Then there's the part about the protective helmet. The rider was wearing a protective helmet and received serious injuries. That's a protective helmet? I can just see the medics.

"Yes, Sir. Your face is crushed but your helmet kept your do-rag clean when you tumbled through the dirt."

If you think I'm being cruel here, I really don't give a crap right now. A few blocks away from me there lives a man who is desperate to prove that wearing a helmet doesn't do anything to prevent injuries. In fact, he wants to try to prove that wearing a helmet actually causes additional injuries. The man comes across as an idiot with his public and faulty reasoning. Look, if you're against helmet laws just say so. Don't use stupid reasoning on top of it all. This accident is just one more he'll use in his arguments and ignore the actual facts of the situation.

I can see the newspaper letter to the editor now.

"I know this guy who crashed while wearing a helmet. He still had injuries serious enough to be life flighted to the hospital."

The "motorcycles are dangerous" argument has no footing in the accident. This wasn't a fault with the motorcycle. This was a rider doing something stupid. And I'm getting sick of getting drug in with these kind of riders. Yeah, I'm edgy right now. It's all so darn senseless. Especially since a lot of it could be fixed if riders had different attitudes.

Here's another one. No photos, just a description.

A man was riding along recently and came up behind a car turning left. Same as the situation above. This rider didn't realize that the driver of the car was actually turning. According to the cop on the scene, the driver was signalling the turn as he slowed. The rider tried to pass on the left and then finally saw the signal and the car start to turn.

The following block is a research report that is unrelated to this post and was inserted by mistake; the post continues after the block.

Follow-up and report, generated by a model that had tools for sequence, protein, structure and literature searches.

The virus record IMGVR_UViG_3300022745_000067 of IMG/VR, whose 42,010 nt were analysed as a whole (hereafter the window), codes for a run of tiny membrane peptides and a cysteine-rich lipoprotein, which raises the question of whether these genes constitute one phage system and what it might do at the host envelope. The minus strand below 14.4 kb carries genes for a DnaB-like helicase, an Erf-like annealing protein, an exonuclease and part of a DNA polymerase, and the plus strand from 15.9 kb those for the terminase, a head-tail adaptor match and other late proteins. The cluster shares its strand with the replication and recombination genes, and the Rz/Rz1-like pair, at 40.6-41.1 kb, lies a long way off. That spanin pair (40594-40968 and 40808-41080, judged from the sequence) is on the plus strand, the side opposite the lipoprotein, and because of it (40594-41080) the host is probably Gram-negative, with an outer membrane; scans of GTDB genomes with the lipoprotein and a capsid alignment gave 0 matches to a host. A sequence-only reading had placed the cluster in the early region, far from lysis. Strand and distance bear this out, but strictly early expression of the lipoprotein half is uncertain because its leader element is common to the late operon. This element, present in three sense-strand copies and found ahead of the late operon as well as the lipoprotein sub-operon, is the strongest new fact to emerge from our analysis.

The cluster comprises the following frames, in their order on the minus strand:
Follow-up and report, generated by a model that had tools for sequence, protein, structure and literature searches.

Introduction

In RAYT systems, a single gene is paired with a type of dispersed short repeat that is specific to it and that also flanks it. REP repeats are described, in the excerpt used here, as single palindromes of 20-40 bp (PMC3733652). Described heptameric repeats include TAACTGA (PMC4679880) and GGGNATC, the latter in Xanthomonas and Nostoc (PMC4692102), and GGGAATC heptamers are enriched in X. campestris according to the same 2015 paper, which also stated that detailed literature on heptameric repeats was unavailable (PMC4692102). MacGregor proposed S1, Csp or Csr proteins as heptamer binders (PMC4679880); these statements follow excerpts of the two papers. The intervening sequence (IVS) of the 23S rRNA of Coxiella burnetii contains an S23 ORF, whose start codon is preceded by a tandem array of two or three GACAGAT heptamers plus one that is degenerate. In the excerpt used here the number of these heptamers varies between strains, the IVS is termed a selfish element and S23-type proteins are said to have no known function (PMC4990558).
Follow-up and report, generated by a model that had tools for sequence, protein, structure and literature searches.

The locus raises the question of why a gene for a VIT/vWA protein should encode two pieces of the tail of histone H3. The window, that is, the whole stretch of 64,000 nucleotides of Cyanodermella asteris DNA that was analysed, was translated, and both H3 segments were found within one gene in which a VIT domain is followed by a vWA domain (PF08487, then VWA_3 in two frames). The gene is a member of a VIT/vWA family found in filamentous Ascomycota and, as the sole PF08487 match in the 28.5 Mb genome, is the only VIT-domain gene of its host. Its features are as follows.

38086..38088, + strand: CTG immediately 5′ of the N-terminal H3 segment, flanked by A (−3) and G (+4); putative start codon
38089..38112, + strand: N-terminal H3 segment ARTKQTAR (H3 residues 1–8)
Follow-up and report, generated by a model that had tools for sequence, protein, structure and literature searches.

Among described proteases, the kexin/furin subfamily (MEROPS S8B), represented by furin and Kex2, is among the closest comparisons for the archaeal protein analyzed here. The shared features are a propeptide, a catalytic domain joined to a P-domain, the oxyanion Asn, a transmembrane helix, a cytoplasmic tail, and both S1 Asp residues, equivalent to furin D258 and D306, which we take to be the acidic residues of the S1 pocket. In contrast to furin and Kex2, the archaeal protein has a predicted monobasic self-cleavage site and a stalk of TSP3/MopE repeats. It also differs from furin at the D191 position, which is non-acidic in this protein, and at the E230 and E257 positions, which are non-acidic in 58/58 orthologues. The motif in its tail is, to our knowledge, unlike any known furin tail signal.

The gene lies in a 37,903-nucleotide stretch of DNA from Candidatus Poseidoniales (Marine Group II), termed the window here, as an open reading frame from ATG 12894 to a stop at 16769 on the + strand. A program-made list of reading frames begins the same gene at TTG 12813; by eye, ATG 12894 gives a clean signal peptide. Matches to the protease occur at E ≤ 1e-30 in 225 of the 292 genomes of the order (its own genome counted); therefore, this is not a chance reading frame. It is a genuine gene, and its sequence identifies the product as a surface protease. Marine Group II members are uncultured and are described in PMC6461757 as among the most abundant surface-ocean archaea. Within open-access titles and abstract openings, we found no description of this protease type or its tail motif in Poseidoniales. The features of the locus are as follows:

The cop said there are skid marks for 146 feet. After the skid mark ended, there are scrape marks on the pavement from the bike sliding on its side. That's another 22 feet. The bike and rider slid into the side of the car still moving fairly quickly.

This is another case of "motorcycles are dangerous?" How about stupid and oblivious riders being dangerous?

Here's a case of the rider not paying attention. When startled, he reacted by slamming down on the rear brake pedal. I would bet there was very little front brake applied. That would account for the long skid mark. A locked up front wheel wouldn't slide that far, believe me.

A well trained rider probably could have stopped the motorcycle in that distance. At 60 mph it would have been possible, even without ABS. At the very least, the hard braking rider would have scrubbed off a lot more speed than the rider who slid so far did. After all, what has more traction for braking? A properly braked tire or a sliding tire? How much stopping friction does a rider's body and the bike's paint job offer? In actual fact, a really well trained rider would have seen the turn signal and slowed appropriately without it being a crisis in the first place.